Theatre Royal, October 24
Dirty Rotten Scoundrels is the best new musical to hit Sydney this century. For much longer than that – nearly 40 years – most musicals have been asinine. Part of the problem has lain with the music. What was the composer supposed to do? Churn out generic Broadway songs that sounded clichéd and limp, or pound out equally clichéd rock that was almost inherently designed to thwart the best efforts of the lyricist? Then the jukebox musical blundered along, and turned the form into a cash-and-carry commodity. Becoming more operatic or arty seemed to be the only ways out.
Not quite. David Yazbeck and Jeffrey Lane have hit upon another, all-but-forgotten possibility: reviving wit and charm.
Based on the amusing 1988 film that starred Michael Caine and Steve Martin, Dirty Rotten Scoundrels does something miraculous by actually improving on its source material. Lane’s lively book apart, this is largely down to David Yazbeck’s penning the wittiest lyrics to grace a musical since the likes of Cole Porter, Alan Jay Lerner or Stephen Sondheim were in their pomp. His words bounce and writhe on his own tunes, which, in turn, occasionally remind one of Porter or early Sondheim.
This exceptional local production marks a triumphant home-coming for Tony Sheldon as Lawrence Jameson (the Caine character), paired with an inspired Matt Hetherington as Freddy Benson (the Martin character). Amy Lehpamer has endless fun effervescing as Christine Colgate, the woman who cunningly swindles the swindlers.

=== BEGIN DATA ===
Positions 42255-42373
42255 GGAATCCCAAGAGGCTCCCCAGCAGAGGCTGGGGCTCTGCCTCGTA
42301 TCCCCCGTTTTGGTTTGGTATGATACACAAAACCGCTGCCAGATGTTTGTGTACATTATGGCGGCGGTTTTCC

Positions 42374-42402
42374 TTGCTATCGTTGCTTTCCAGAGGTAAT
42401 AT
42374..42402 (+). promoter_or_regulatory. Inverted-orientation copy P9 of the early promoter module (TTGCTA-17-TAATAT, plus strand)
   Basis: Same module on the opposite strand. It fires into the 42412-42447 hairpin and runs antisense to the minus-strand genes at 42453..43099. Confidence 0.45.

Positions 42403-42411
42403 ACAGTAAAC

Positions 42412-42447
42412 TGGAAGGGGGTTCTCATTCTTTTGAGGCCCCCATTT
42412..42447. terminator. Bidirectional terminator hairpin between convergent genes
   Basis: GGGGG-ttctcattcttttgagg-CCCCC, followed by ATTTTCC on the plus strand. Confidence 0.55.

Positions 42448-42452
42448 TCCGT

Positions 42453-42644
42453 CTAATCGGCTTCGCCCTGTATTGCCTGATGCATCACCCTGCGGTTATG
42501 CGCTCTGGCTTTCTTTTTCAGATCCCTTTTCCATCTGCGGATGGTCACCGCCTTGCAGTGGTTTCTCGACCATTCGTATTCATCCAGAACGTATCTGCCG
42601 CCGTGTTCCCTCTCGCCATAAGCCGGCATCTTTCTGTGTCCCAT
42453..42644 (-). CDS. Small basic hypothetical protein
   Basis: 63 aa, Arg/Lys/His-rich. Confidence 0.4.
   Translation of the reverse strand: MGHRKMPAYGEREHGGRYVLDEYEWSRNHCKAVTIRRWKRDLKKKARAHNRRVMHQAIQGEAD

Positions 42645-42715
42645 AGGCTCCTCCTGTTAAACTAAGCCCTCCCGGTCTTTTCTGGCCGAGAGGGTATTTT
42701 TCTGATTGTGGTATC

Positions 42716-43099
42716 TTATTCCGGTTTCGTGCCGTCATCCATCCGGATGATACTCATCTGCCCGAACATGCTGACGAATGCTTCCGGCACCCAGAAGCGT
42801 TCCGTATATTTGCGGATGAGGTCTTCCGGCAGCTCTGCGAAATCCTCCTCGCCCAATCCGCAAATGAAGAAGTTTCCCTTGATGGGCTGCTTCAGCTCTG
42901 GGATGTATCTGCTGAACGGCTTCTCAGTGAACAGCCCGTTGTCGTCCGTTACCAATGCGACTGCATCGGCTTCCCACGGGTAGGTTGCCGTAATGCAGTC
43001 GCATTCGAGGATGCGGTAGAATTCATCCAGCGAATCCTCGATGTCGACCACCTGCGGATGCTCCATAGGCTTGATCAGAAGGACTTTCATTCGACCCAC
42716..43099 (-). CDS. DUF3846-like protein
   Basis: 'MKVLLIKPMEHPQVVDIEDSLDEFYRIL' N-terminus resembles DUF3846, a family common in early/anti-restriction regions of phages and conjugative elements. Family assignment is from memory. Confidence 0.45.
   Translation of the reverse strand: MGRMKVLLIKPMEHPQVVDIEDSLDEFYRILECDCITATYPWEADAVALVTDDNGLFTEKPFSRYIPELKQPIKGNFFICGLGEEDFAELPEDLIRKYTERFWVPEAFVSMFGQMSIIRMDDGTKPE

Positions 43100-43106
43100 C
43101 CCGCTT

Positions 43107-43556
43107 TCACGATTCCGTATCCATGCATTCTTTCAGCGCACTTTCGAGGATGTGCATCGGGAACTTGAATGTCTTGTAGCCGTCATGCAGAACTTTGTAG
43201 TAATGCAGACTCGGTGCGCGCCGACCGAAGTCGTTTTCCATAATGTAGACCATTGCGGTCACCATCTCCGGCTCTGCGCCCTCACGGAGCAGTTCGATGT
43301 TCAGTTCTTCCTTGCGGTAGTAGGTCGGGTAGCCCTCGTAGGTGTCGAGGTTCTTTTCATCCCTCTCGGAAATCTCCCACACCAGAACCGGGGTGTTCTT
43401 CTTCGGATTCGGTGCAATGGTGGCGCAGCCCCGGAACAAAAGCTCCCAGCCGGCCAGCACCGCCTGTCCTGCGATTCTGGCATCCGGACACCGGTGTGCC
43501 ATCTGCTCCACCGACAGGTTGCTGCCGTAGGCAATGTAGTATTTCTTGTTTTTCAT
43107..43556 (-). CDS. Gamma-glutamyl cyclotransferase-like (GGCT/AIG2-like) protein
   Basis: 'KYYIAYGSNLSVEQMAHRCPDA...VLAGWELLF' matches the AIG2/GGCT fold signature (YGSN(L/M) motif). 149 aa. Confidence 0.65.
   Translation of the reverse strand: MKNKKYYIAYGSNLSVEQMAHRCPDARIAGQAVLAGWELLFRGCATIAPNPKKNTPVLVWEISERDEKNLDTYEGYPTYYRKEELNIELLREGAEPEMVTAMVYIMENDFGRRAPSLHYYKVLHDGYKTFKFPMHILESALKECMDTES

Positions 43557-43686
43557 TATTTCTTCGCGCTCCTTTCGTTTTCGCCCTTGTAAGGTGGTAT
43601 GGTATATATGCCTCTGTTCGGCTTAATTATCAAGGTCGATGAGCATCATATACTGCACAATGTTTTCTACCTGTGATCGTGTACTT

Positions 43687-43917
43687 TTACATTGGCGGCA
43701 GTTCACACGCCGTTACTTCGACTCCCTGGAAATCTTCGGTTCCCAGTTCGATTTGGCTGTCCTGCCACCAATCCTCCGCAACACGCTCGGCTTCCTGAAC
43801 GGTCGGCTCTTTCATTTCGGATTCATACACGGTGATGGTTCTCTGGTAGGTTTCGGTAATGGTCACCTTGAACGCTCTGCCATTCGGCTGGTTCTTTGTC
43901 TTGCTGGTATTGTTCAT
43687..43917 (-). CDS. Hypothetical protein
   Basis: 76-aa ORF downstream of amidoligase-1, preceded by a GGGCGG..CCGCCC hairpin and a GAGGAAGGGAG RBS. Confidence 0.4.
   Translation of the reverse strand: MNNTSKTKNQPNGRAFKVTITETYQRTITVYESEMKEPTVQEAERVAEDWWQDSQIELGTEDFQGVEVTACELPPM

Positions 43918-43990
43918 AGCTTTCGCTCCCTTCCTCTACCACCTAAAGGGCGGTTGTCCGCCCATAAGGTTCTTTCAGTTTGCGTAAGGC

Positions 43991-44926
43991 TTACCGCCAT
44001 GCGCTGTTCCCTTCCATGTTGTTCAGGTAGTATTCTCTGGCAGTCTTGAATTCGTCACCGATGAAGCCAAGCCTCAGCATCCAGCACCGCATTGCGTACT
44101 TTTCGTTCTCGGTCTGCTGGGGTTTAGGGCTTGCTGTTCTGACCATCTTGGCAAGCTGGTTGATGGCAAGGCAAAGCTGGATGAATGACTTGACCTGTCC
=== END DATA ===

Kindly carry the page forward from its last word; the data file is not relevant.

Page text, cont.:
John Wood and Anne Wood become ever more of a delight in the sex-charged, sub-plot, with the latter’s singing also shining. Katrina Retallick completes the principals and damned near steals the show in a side-splitting turn as Jolene Oakes, the oil heiress from Oklahoma.
The ensemble members maintain this high standard, as does every aspect of the production, including the Roger Hodgman’s direction and Dana Jolly’s choreography. Michael Hankin’s refreshingly simple set keeps the focus on the performers and on Teresa Negroponte’s sensational use of colour in her costumes, enhanced by Nicholas Rayment’s lighting. Even more splendid is the fact that a real 18-piece orchestra under Guy Simpson inhabits the pit, and its sound, almost novelly rich and animated, lifts the whole show and blends perfectly with the voices.
At first it seemed Hetherington might not be a match for Sheldon, but that doubt was swiftly assuaged by a truly hilarious performance. If Sheldon’s version of Jameson is not quite as suave as the character ultimately might be, his actual performance is consummately polished, and his exemplary comic timing maximises his role’s every laugh (and more).
The only real gripe is that the story drags in the last 10 minutes: a fault, it would seem, of the writing rather than the direction. Otherwise Dirty Rotten Scoundrels trumpets the good news that musical theatre is not quite dead in the water yet.